Re: [RFC][PATCH 0/3] add FALLOC_FL_NO_HIDE_STALE flag in fallocate
|[Date Prev][Date Next][Thread Prev][Thread Next][Date Index][Thread Index]|
On 04/17/2012 02:43 PM, Ted Ts'o wrote:
On Tue, Apr 17, 2012 at 01:59:37PM -0400, Ric Wheeler wrote:You could get both security and avoid the run time hit by fully writing the file or by having a variation that relied on "discard" (i.e., no need to zero data if we can discard or track it as unwritten).It's certainly the case that if the device supports persistent discard, something which we definitely *should* do is to send the discard at fallocate time and then mark the space as initialized.
This should be all advertised in /sys/block/sda - definitely worth encouraging this for devices. I think that the device mapper "thin" target also supports discard so you could get this behaviour with all devices if needed.
Unfortunately, not all devices, and in particular no HDD's for which I aware support persistent discard. And, writing all zero's to the file is in fact what a number of programs for which I am aware (including an enterprise database) are doing, precisely because they tend to write into the fallocated space in a somewhat random order, and the extent conversion costs is in fact quite significant. But writing all zero's to the file before you can use it is quite costly; at the very least it burns disk bandwidth --- one of the main motivations of fallocate was to avoid needing to do a "write all zero pass", and while it does solve the problem for some use cases (such as DVR's), it's not a complete solution.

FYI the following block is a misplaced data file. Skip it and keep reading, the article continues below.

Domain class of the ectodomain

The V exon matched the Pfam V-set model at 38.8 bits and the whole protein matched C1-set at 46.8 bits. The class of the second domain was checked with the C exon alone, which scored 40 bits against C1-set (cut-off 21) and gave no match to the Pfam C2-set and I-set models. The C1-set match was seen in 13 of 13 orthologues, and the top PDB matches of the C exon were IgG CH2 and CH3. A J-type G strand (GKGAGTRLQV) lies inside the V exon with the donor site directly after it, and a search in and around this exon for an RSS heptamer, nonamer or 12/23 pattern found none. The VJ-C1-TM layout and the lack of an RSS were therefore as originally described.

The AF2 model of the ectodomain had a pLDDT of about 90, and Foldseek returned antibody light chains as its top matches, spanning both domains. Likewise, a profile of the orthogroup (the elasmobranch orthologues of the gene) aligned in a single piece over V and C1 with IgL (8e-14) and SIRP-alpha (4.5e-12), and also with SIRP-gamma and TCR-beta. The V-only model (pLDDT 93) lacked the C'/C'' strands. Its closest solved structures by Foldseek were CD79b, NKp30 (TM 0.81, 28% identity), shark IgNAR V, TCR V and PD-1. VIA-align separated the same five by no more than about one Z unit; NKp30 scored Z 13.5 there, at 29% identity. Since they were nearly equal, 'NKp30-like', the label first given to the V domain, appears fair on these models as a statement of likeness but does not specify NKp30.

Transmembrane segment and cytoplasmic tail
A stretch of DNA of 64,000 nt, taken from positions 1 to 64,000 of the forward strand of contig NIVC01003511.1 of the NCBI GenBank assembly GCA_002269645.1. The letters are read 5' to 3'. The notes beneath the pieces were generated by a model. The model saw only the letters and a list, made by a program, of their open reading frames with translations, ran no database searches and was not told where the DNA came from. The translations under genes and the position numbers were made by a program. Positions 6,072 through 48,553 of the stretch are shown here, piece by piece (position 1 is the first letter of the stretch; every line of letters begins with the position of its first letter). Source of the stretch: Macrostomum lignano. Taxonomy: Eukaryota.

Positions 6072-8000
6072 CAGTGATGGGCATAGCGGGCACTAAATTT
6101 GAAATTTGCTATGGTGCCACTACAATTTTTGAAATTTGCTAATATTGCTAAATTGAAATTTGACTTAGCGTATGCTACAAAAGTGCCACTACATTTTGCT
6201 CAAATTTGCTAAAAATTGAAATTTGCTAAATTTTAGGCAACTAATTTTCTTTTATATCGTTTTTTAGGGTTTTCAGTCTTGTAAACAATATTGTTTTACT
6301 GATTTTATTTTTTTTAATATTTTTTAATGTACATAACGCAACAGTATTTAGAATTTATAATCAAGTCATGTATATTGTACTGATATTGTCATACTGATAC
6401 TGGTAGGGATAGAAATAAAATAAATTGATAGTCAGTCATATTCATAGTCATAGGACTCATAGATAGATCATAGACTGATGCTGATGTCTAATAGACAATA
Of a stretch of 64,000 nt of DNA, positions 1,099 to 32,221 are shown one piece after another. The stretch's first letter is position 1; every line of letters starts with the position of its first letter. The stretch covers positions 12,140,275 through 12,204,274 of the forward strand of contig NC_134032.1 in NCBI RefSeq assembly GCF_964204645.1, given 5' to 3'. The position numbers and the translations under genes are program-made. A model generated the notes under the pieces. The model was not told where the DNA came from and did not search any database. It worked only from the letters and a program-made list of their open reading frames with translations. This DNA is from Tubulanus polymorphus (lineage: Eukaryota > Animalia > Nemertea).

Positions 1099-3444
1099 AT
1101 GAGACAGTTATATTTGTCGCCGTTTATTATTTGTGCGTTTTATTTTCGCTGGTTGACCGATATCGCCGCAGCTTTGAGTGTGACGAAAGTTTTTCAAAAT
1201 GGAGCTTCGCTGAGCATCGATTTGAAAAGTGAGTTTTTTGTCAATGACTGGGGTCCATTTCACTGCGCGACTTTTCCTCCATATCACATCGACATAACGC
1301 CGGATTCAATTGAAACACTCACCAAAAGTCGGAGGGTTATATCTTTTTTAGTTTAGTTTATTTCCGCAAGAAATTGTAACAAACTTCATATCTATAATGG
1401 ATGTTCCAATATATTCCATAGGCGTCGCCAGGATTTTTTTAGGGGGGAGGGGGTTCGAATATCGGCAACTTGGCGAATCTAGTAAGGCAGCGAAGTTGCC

We also have a WRITE_SAME (with default pattern of zero data) that has long been used in SCSI to initialize data.
Whether or not it is a security issue is debateable. If using the fallocate flag requires CAP_SYS_RAWIO, and the process has to explicitly ask for the privilege, a process with those privileges can directly access memory and I/O ports directly, via the ioperm(2) and iopl(2) system calls. So I think it's possible to be a bit nuanced over whether or not this is as horrible as you might think.
We are still papering over an issue that seems to not be a challenge for XFS.
Ultimately, if there are application programmers who are really desperate for that the last bit of performance, they can always use FIBMAP/FIEMAP and then read/write directly to the block device. (And no, that's not a theoretical example.) I think it is a worthwhile goal to provide file system interfaces that allow a trusted process which has the appropriate security capabilities to do things in a safer way than that.
I would prefer to let the very few crazy application programmers who need this do insane things instead of opening and exposing data to these applications.
Or have them use a different file system that does not have this same penalty (or to the same degree).
Thanks! Ric -- To unsubscribe from this list: send the line "unsubscribe linux-fsdevel" in the body of a message to majordomo@xxxxxxxxxxxxxxx More majordomo info at http://vger.kernel.org/majordomo-info.html
[Linux Ext4 Filesystem] [Ecryptfs] [AutoFS] [Kernel Newbies] [Share Photos] [Security] [Netfilter] [Bugtraq] [Photo] [Yosemite] [Yosemite News] [MIPS Linux] [ARM Linux] [Linux Security] [Linux Cachefs] [Reiser Filesystem] [Linux RAID] [Samba] [Video 4 Linux] [Device Mapper] [CEPH Filesystem]